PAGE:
|Year : 2019 | Volume
| Issue : 1 | Page : 1-2
Self-expanding metallic stents in malignant biliary obstruction: Do Indian patients behave differently?
Narendra S Choudhary, Rajesh Puri
Institute of Digestive and Hepatobiliary Sciences, Medanta The Medicity, Delhi (NCR), Gurgaon, Haryana, India
|Date of Web Publication||19-Jun-2019|
Institute of Digestive and Hepatobiliary Sciences, Medanta The Medicity Hospital, Sector 38, Delhi (NCR), Gurgaon, Haryana
Source of Support: None, Conflict of Interest: None
|How to cite this article:|
Choudhary NS, Puri R. Self-expanding metallic stents in malignant biliary obstruction: Do Indian patients behave differently?. J Dig Endosc 2019;10:1-2
|How to cite this URL:|
Choudhary NS, Puri R. Self-expanding metallic stents in malignant biliary obstruction: Do Indian patients behave differently?. J Dig Endosc [serial online] 2019 [cited 2019 Jul 16];10:1-2. Available from: http://www.jdeonline.in/text.asp?2019/10/1/1/259960
Endoscopic biliary drainage is the procedure of choice for patients with unresectable extrahepatic biliary obstruction (EHBO) due to malignancy. The use of self-expanding metallic stents (SEMS) provides better patency and require less reintervention as compared to plastic stents and has become a standard of care in patients with a life expectancy >4 months. Endoscopic biliary drainage is effective in majority (>80%) of patients. A plastic stent can be used if the patient's life expectancy is <4 months., In a meta-analysis of 20 randomized controlled studies (1713 patients) comparing plastic versus metal stents, the authors showed better patency, less reintervention, higher symptom-free survival at 6 months, less late complications or cholangitis, or block of stent due to sludge in SEMS arm; however, there was no differences in overall patient survival. Several things need to keep in consideration during stent placement across hilar strictures. SEMS placement of hilar lesions carries the risk of cholangitis and use of air cholangiogram is better. The stent placement of hilar lesions aim to drain >50% of the liver volume, and it is important to drain unintentionally opacified ducts.,
There is not much data from India. In a study from Jaipur by Gupta et al. in this issue of JDE, the authors have published their experience of a prospective, uncontrolled, the study using uncovered SEMS placement for malignant EHBO. The study included a total of 101 patients. The etiologies of EHBO included gallbladder cancer (n = 47), cholangiocarcinoma (n = 25), pancreatic cancer (n = 22), and ampullary carcinoma (n = 7). Technical failure due to inability to pass the guidewire across the stricture was seen in seven patients including six hilar cases which were managed by percutaneous biliary drainage. Clinical success (defined as a decline of serum bilirubin at day 7 by at least 50%) was seen in 82.2% of patients with no significant difference between hilar and distal biliary strictures. The median stent patency was 109 days which was better for distal strictures than hilar strictures (135 days vs. 95 days, respectively). The stent patency is lower in the current study than reported by most of the studies., About 54.5% had a patent stent at the end of 6 months. The stent dysfunction was defined as clinical evidence of stent dysfunction or death. As all patients at death may not have stent dysfunction, the rate of stent dysfunction may be actually different than is reported. Thirty-three patients required biliary reinterventions for stent dysfunction which was more for hilar than lower end strictures (41.1% vs. 6%). The stent patency was higher in the patients receiving chemotherapy (n = 43) as compared to those who did not receive chemotherapy. The median survival of patients was 129 days, which was not significant for hilar or lower end strictures. Only 43 patients were alive at 6 months. Survival was significantly better in those with clinical success after SEMS placement. Only 19 patients had Bismuth-Corlette hilar type 2 (n = 19) strictures, thus limiting the impact of type 2 strictures on outcomes.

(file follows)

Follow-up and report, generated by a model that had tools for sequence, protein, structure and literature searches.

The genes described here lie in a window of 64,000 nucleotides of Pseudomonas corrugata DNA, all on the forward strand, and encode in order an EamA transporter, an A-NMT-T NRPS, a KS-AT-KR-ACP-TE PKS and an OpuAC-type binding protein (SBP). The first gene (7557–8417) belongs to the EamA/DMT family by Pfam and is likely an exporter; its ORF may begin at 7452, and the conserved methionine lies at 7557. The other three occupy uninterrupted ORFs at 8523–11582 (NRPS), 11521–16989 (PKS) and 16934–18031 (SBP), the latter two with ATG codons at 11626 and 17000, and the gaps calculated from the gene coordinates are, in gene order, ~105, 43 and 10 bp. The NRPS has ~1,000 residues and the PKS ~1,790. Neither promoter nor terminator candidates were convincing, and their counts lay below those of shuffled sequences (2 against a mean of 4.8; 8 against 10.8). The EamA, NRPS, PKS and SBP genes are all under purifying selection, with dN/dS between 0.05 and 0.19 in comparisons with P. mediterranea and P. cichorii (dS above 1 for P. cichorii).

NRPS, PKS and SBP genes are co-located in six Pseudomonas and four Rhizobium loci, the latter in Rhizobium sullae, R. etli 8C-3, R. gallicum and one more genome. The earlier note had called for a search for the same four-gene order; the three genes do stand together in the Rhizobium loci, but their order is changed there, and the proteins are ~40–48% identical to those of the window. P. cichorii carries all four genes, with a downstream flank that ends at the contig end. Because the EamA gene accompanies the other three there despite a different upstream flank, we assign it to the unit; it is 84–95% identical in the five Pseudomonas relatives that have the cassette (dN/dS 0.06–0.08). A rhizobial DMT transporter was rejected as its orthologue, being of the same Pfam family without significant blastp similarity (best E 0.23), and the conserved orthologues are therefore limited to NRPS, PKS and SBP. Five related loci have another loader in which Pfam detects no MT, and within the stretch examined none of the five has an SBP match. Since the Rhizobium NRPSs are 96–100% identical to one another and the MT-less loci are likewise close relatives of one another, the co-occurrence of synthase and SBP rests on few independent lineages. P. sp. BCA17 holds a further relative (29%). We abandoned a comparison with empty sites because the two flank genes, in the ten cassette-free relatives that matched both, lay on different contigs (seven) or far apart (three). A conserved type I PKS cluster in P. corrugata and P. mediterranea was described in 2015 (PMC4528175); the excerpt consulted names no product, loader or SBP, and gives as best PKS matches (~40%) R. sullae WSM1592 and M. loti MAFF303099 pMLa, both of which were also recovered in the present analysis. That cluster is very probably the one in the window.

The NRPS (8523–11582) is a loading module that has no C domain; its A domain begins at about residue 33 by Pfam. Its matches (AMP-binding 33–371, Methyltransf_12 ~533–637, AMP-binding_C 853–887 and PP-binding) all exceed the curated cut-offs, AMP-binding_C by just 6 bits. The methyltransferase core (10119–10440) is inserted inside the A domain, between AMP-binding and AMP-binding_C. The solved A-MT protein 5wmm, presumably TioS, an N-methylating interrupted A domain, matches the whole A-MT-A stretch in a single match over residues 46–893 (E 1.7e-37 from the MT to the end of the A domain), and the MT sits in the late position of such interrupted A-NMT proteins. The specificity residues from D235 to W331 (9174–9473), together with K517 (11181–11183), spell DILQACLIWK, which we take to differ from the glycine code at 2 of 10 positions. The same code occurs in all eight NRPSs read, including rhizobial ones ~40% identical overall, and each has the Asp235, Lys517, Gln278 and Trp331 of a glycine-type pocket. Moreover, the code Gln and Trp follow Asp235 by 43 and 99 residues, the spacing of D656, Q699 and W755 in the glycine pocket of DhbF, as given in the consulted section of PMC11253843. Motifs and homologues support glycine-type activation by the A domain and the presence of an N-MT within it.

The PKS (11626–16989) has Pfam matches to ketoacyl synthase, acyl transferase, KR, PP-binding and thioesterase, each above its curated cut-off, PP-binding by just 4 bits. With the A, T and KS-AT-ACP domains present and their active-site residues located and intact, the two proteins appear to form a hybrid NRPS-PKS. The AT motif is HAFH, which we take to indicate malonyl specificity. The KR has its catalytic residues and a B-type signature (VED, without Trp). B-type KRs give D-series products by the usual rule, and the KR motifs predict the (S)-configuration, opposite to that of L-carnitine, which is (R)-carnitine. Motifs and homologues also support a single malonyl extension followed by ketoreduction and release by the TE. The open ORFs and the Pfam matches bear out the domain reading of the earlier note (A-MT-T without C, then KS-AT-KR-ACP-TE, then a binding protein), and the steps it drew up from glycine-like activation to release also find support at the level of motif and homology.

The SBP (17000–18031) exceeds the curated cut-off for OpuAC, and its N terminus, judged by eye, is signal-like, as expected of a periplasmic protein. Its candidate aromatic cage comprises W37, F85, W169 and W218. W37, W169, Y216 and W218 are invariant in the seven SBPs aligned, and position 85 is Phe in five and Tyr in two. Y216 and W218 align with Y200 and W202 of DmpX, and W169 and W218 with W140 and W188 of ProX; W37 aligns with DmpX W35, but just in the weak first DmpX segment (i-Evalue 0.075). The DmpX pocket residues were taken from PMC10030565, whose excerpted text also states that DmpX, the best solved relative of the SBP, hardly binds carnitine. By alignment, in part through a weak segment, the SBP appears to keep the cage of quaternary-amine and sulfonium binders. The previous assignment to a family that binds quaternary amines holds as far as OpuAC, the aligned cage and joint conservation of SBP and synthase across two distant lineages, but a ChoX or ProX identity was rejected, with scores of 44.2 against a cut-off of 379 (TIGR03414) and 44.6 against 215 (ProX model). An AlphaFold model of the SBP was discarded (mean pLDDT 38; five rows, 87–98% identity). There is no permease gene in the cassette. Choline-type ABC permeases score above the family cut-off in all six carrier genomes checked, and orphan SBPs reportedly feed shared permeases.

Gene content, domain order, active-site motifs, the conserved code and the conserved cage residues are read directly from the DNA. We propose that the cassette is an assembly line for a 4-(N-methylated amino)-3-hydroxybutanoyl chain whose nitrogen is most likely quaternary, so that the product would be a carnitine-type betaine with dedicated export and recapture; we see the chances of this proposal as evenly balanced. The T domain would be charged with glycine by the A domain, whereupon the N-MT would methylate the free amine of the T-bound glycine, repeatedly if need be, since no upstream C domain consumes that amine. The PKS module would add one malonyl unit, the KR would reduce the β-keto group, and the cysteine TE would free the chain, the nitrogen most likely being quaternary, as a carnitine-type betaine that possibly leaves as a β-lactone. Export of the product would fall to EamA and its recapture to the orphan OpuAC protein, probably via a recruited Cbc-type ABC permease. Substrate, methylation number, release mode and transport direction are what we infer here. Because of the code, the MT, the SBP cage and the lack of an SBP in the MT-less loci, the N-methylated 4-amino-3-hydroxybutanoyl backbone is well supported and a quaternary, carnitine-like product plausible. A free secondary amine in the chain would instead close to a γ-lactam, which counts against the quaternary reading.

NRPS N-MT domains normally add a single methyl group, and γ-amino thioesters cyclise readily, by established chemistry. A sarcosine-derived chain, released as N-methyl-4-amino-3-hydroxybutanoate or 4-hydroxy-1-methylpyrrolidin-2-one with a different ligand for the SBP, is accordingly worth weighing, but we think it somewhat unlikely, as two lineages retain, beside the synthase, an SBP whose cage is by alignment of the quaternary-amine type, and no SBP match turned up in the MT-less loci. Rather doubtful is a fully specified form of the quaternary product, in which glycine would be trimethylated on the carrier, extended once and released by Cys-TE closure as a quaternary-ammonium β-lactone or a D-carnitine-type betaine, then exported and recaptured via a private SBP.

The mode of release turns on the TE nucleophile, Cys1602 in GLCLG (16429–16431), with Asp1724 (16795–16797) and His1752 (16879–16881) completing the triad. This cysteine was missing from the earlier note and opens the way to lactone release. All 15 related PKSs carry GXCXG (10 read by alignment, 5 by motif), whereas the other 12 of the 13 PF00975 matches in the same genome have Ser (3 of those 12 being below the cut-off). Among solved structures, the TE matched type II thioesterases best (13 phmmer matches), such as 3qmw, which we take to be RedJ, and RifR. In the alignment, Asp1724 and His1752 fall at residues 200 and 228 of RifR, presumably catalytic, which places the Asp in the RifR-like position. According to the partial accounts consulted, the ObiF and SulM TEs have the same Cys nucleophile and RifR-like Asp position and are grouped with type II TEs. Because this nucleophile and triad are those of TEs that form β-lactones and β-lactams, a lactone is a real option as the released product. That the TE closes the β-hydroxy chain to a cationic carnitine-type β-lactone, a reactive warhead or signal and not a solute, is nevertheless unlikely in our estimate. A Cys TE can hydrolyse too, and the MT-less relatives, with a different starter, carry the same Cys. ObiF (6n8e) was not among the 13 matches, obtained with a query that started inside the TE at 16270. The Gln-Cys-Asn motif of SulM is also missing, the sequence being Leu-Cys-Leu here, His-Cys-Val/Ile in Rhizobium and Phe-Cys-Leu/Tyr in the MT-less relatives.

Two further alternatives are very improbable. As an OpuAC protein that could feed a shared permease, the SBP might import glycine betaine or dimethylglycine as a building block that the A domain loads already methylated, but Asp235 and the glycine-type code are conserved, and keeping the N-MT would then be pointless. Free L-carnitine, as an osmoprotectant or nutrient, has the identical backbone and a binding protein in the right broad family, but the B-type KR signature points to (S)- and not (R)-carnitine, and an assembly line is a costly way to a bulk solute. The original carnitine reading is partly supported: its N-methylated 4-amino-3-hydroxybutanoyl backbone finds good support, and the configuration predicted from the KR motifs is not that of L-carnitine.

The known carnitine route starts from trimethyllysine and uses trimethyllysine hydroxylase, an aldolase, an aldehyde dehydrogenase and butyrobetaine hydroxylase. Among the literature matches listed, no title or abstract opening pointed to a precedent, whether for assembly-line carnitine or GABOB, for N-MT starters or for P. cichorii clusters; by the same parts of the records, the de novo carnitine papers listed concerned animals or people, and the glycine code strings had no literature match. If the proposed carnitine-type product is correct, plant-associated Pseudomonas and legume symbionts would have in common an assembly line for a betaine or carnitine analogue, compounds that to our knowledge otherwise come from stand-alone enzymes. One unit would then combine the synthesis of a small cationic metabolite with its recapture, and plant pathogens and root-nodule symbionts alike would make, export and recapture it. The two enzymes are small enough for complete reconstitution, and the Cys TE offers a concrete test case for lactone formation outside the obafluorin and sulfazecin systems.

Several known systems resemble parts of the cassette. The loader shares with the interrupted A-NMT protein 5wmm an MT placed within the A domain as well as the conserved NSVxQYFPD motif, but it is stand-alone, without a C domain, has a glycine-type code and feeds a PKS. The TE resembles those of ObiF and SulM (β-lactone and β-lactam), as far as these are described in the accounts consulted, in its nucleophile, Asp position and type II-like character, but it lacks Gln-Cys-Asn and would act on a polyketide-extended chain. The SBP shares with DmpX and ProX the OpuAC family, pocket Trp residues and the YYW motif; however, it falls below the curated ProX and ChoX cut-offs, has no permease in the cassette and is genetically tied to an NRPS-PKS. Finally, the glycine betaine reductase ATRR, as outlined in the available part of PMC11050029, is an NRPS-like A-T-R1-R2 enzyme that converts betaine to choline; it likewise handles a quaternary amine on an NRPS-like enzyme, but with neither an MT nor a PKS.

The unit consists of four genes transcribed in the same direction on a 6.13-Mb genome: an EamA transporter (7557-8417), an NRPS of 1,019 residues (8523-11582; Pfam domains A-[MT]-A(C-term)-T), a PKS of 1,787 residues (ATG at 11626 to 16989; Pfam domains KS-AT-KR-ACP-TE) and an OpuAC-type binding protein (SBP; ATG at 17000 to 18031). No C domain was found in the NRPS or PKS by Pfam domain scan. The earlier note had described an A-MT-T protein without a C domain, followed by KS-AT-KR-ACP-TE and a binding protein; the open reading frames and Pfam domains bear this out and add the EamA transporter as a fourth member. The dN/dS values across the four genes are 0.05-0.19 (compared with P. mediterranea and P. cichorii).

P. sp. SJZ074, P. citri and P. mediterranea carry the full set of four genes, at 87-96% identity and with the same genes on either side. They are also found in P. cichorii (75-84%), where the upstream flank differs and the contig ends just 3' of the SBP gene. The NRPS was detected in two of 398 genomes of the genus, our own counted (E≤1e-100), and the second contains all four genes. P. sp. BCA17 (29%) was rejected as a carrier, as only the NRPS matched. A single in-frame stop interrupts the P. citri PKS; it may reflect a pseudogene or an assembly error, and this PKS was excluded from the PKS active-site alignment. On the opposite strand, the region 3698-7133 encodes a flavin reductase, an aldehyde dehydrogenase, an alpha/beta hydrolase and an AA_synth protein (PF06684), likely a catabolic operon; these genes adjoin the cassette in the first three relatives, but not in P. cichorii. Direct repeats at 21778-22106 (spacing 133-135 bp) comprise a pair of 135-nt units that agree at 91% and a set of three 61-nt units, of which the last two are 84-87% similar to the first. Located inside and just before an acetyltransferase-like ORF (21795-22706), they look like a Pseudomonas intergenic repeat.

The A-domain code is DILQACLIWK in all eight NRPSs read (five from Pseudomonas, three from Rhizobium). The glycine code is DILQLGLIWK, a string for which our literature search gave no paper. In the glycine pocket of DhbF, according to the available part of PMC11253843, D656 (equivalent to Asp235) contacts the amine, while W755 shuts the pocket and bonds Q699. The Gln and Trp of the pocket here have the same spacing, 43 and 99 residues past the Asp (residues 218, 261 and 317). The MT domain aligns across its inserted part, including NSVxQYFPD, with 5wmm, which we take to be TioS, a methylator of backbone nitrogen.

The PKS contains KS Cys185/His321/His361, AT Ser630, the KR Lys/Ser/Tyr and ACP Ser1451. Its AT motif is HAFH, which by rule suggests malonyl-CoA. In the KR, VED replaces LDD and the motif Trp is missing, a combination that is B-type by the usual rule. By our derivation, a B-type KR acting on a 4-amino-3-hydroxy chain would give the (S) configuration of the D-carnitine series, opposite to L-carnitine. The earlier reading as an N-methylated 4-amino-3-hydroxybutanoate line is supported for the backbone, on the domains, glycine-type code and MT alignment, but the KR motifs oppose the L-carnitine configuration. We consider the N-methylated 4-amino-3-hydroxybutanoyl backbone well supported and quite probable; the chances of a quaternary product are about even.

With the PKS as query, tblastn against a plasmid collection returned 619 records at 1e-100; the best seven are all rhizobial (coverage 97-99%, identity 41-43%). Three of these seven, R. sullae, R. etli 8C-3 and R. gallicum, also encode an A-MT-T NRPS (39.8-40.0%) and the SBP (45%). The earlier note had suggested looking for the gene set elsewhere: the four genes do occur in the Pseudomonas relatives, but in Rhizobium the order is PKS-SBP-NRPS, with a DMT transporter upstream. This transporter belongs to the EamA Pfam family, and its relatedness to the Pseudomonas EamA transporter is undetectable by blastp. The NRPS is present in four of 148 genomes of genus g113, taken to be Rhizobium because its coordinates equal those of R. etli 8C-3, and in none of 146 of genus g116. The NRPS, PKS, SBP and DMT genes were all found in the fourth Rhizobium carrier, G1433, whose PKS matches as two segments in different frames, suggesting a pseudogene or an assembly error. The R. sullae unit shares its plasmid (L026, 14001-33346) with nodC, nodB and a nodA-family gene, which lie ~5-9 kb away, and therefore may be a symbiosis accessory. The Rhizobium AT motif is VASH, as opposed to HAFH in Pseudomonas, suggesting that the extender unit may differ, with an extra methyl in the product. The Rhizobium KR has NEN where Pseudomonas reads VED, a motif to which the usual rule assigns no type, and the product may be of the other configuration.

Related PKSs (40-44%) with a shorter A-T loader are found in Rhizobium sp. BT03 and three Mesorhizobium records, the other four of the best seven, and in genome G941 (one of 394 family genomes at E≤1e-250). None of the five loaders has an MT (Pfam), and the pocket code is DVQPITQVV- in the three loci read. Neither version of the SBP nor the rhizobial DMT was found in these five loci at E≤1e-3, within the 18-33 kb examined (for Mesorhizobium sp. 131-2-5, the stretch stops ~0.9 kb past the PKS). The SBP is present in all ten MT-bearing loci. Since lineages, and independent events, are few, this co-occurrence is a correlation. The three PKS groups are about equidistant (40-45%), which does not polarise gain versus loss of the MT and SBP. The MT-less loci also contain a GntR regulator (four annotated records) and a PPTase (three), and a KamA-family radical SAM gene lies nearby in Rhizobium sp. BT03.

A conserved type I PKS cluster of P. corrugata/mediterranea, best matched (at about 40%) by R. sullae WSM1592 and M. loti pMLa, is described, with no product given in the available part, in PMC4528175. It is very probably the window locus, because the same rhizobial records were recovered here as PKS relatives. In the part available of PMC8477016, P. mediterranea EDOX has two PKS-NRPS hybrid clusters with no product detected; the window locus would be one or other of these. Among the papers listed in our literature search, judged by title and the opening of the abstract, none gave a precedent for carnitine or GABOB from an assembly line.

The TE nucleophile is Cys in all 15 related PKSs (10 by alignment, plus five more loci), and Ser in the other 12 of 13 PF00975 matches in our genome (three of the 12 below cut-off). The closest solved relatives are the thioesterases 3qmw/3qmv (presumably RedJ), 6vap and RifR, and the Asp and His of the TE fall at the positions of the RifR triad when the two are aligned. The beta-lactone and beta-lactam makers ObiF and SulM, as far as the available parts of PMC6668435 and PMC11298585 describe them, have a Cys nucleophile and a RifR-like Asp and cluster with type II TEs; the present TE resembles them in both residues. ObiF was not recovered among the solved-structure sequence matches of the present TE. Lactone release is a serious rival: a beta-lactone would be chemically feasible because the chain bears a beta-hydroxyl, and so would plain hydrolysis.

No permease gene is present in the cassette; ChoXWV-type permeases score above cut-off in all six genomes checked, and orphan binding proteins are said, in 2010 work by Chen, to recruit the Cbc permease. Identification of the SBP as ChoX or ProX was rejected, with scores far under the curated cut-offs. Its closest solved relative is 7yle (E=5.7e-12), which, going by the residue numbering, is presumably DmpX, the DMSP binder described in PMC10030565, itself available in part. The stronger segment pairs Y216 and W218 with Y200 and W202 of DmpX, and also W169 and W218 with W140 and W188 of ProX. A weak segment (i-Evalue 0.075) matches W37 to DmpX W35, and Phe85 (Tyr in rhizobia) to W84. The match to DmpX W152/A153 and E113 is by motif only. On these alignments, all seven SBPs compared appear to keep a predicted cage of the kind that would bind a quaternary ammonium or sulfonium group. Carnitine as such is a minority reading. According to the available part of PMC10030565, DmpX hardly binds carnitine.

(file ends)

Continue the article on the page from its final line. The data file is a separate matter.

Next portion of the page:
The study differs from available literature in several important aspects. Overall survival and stent patency are lower than reported by most of the studies. These findings may represent late diagnosis (at an advanced stage) due to late referral of patients to tertiary care centers. The lower survival and stent patency rates may also be secondary to the inclusion of a significant number of gallbladder carcinoma patients which is associated with poor survival. The authors found that stent patency was more in the distal location of stricture, which may also be related to poor survival in gallbladder carcinoma patients. All cholangitis happened in hilar strictures group, which highlights that the management of these strictures should be done by experts endoscopists and centers where percutaneous biliary drainage facility is available in case of failed endoscopic management or cholangitis. The effect of chemotherapy on stent patency is not shown by other studies and requires analysis in a large sample size. The study raises several queries. Do patients in India with malignant EHBO have a worse prognosis than reported in literature? What are the causes for worse prognosis? Is worse prognosis related to advanced stage of disease at presentation or to inadequate drainage/complications? If it is true, then we should try to identify a subgroup of patients where plastic stents can be placed in the place of costly SEMS (worse prognosis at presentation) or where bilateral stenting should be done. The study encourages further studies from India; probably, a multicenter prospective study should be conducted to answer all these questions.
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